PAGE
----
1. The good thing about being an artist, is it’s a legitimate way of looking at things cross-eyed.

    — John Chamberlain, born today in 1927.

  2. From Marsden Hartley to Cindy Sherman, there’s something for everyone in Art Everywhere USCast your vote now and tell us which iconic American artworks you want to see on billboards, trains, and buses across the country—including twenty from the Whitney’s permanent collection.

  3. During the nearly fifteen years that Vincent Punch has been a guard at the Whitney, he has seen myriad exhibitions, snapped countless candid photos, and developed a distinct eye for spontaneous visual arrangements that take place every day in the galleries. In this Whitney Stories video, he shares his observations on working as a guard, and offers his unique perspective on the Whitney and its future.

  4. Happy first day of spring!
Edward Hopper (1882–1967), Le Pavillon de Flore in the Spring, 1907. Oil on canvas. Whitney Museum of American Art, New York; Josephine N. Hopper Bequest. © Heirs of Josephine N. Hopper, licensed by Whitney Museum of American Art

    Happy first day of spring!

    Edward Hopper (1882–1967), Le Pavillon de Flore in the Spring, 1907. Oil on canvas. Whitney Museum of American Art, New York; Josephine N. Hopper Bequest. © Heirs of Josephine N. Hopper, licensed by Whitney Museum of American Art

  5. With film, it’s hard to locate the artwork: Is it the projected image? The projection beam? The room in which it’s being projected? It’s a constellation of things rather than a singular object. I think that’s a metaphor for how a lot of artists working in a broad range of media function now.

    — Stuart Comer, one of the three curators of the 2014 BiennialIn the second installment of a three-part Q&A in Whitney Stories, Comer, Michelle Grabner, and Anthony Elms discuss their curatorial approaches as each organizes a floor of the exhibition.

  6. The 2014 Biennial catalogue is now available! Pick one up at the Museum Shop.

    The 2014 Biennial catalogue is now available! Pick one up at the Museum Shop.

  7. As the Whitney prepares for its historic move downtown, Flora Miller Biddle discusses the three generations of “Whitney Women”—her grandmother Gertrude Vanderbilt Whitney, who in 1914 founded the Whitney Studio in Greenwich Village, and in 1930 the Whitney Museum of American Art; her mother Flora Whitney Miller, who served as the Museum’s President (1941–1966) and Chairman (1966–1974); and herself, who served as President (1977–1985) and is currently the Honorary Chairman of the Museum.

  8. The New York Times previews the 2014 Biennial, highlighting some of the themes—nostalgia, women revitalizing abstract painting, architecture, and more—that figure prominently in the seventy-seventh edition of the Museum’s signature exhibition.
Laura Owens (b. 1970), Untitled, 2013 (detail). Oil, Flashe, acrylic, bike wheels, training wheels, wagon wheels, and tricycle wheel on linen, 108 × 84 in. (274.3 × 213.4 cm), Private collection; courtesy the artist and Gavin Brown’s enterprise, New York. Photograph by Tom Powel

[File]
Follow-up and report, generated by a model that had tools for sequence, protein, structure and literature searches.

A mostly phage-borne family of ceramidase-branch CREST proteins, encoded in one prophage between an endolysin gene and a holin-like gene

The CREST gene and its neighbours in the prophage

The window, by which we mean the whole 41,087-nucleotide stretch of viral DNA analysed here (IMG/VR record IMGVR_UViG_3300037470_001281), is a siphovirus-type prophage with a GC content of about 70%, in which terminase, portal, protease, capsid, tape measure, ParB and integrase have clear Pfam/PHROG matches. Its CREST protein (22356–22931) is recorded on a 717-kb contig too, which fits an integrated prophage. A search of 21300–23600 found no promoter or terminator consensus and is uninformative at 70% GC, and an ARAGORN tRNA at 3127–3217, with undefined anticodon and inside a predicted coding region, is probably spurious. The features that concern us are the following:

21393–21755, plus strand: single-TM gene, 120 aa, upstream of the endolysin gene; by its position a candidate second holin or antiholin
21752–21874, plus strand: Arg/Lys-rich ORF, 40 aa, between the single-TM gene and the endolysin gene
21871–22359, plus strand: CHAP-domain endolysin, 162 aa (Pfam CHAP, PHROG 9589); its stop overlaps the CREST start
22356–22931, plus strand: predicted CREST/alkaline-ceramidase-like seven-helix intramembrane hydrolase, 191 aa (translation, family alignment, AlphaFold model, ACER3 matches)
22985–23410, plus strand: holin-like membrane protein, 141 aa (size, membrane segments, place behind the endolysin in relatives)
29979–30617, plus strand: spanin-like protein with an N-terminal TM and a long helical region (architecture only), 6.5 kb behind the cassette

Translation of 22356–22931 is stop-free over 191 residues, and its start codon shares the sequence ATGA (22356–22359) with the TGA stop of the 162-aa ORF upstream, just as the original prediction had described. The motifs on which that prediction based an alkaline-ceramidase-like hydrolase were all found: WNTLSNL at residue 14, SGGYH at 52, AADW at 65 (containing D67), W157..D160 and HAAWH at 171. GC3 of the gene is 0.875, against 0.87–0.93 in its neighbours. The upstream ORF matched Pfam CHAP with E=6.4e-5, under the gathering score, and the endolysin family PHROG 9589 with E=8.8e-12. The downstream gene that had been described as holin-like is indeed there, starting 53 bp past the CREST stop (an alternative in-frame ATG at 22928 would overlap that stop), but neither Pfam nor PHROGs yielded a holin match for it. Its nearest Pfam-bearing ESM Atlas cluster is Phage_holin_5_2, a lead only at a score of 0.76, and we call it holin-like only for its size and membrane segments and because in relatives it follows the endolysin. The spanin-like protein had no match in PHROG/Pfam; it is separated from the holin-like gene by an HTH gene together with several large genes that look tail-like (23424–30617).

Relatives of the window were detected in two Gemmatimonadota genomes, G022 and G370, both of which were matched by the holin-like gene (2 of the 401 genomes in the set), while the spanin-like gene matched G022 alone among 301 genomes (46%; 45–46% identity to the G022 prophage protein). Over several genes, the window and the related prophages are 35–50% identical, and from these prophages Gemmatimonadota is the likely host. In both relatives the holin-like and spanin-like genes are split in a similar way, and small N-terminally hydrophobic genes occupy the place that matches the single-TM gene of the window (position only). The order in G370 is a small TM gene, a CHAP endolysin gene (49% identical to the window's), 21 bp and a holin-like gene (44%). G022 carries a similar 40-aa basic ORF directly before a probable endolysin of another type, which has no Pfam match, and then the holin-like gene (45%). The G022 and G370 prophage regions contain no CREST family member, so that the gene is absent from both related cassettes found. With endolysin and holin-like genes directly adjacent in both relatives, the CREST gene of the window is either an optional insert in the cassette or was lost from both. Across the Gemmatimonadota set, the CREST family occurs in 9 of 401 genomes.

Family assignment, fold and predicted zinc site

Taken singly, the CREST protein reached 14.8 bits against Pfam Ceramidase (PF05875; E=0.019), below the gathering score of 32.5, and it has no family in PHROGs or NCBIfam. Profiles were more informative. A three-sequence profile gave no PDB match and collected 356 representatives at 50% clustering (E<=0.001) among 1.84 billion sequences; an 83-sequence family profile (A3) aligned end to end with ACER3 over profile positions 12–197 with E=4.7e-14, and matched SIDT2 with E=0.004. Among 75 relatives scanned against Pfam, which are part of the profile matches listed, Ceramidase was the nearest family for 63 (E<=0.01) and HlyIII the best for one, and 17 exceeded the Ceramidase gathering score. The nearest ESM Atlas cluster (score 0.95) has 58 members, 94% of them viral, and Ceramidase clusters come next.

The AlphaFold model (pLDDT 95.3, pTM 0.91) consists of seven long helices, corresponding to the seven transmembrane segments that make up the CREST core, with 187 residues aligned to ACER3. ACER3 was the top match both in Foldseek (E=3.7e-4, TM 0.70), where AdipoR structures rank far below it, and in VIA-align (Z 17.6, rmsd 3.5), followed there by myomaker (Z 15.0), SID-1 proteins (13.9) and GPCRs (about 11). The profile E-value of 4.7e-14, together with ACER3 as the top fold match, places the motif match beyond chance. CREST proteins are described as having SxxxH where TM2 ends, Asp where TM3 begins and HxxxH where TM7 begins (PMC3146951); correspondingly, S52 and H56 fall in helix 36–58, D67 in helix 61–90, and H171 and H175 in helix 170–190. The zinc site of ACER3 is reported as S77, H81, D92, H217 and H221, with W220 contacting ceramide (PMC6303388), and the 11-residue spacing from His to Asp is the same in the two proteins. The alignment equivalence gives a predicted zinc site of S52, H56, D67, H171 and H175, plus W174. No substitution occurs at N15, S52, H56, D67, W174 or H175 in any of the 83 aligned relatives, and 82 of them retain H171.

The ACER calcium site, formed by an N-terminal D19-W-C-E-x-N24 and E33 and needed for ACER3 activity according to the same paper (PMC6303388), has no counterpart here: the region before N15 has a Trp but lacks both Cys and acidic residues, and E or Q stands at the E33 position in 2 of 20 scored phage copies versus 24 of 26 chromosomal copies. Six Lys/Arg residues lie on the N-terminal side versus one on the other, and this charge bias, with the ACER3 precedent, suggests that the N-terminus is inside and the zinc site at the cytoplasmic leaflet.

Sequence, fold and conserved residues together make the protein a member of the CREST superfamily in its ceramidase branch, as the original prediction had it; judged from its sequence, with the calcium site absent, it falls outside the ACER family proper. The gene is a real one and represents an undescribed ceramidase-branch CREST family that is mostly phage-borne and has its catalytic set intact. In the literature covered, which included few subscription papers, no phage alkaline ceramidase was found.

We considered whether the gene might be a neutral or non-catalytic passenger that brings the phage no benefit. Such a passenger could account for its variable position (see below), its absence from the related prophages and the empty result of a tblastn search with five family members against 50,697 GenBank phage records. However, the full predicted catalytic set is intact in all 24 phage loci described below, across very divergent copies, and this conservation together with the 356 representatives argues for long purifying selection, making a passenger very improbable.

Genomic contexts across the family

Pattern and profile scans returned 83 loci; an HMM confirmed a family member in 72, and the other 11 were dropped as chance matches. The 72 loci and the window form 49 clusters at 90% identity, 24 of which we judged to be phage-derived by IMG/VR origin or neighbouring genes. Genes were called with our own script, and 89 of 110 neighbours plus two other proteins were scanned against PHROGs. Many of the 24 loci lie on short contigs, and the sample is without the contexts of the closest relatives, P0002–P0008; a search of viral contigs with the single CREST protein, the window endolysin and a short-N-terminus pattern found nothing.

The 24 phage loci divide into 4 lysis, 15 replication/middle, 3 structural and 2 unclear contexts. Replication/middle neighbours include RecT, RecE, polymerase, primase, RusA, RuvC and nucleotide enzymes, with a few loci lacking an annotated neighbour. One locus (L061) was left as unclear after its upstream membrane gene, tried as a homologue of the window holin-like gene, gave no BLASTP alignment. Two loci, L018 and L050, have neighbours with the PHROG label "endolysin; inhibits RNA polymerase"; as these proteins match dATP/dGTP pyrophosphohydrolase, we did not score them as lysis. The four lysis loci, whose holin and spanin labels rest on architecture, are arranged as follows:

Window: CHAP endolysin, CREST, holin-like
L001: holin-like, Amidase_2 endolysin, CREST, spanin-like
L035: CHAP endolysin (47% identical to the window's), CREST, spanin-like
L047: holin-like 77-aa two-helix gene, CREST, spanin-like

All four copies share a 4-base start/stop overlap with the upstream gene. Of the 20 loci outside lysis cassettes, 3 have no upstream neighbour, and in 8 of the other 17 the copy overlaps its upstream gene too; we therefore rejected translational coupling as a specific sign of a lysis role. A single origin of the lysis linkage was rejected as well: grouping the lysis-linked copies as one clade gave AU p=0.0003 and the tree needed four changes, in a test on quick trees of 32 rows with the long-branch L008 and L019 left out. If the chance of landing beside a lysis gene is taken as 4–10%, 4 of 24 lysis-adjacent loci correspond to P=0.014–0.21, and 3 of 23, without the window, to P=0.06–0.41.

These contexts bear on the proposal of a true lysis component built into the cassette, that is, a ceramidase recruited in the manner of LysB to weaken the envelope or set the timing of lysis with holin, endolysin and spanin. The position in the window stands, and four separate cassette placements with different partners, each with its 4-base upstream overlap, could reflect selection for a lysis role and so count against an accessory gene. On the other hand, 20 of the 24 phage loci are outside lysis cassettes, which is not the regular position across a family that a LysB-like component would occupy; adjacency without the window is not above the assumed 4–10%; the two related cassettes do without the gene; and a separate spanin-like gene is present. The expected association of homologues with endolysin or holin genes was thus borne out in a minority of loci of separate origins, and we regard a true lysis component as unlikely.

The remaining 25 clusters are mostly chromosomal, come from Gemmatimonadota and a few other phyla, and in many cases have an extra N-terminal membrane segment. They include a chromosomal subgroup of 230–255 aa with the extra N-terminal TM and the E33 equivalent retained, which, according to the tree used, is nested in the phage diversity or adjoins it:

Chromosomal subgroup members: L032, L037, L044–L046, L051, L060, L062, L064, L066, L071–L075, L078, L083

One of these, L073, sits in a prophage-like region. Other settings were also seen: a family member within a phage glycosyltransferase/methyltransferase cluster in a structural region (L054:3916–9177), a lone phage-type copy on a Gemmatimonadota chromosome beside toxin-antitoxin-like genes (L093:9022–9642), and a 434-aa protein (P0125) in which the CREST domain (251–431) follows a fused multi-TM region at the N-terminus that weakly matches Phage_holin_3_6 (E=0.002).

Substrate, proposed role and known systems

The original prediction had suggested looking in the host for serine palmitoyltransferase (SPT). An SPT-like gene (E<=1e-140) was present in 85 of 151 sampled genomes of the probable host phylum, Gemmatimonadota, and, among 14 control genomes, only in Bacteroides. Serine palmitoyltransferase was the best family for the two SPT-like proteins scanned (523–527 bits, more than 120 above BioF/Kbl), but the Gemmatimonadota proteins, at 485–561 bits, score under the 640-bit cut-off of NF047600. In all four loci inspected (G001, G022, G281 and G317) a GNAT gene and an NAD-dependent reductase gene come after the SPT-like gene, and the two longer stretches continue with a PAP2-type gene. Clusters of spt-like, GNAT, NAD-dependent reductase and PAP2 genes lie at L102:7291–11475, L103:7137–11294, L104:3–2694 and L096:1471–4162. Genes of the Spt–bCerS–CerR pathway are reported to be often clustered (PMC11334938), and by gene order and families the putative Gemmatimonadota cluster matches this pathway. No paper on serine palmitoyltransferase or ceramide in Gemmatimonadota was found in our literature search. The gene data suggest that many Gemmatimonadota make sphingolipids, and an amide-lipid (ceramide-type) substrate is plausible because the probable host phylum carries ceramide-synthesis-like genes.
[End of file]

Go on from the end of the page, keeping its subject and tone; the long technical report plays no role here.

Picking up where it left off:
The New York Times previews the 2014 Biennial, highlighting some of the themes—nostalgia, women revitalizing abstract painting, architecture, and more—that figure prominently in the seventy-seventh edition of the Museum’s signature exhibition.

    Laura Owens (b. 1970), Untitled, 2013 (detail). Oil, Flashe, acrylic, bike wheels, training wheels, wagon wheels, and tricycle wheel on linen, 108 × 84 in. (274.3 × 213.4 cm), Private collection; courtesy the artist and Gavin Brown’s enterprise, New York. Photograph by Tom Powel

  9. Artists Emily Sundblad and Sara Greenberger Rafferty posed in front of the Museum’s iconic windows for the latest issue of New York Magazine. See their work when the Biennial opens March 7.

    Artists Emily Sundblad and Sara Greenberger Rafferty posed in front of the Museum’s iconic windows for the latest issue of New York Magazine. See their work when the Biennial opens March 7.

  10. Burgoyne Diller is one of the new artists featured in the latest installation of American Legends: From Calder to O’Keeffe, which showcases the Whitney’s holdings of artwork from the first half of the twentieth century alongside that of postwar figures. 

    Burgoyne Diller is one of the new artists featured in the latest installation of American Legends: From Calder to O’Keeffe, which showcases the Whitney’s holdings of artwork from the first half of the twentieth century alongside that of postwar figures. 

  11. New on Whitney Stories: We talk to curator Dana Miller, who coordinated the loan of two of our Edward Hopper paintings to the The White House.

  12. Don’t miss Edward Steichen in the 1920s and 1930s: A Recent Acquisition, on view through Sunday. The exhibition features more than forty works by the “godfather of modern fashion photography” (Gotham).

  13. Anything I can do to put more artists in more people’s faces is something I’ll say yes to.

    — Anthony Elms, one of the three curators of the 2014 Biennial, talks to The New York Times.

  14. Architect Renzo Piano designed the Whitney’s future home, which will open to the public in 2015. In this Whitney Stories video, Piano articulates the philosophy behind the building’s design and describes the experiences envisioned for its spaces—from its expansive galleries to its city-facing terraces.

  15. People should fall in love with their eyes closed. Just close your eyes. Don’t look.

    — Andy Warhol in The Philosophy of Andy Warhol: From A to B and Back Again.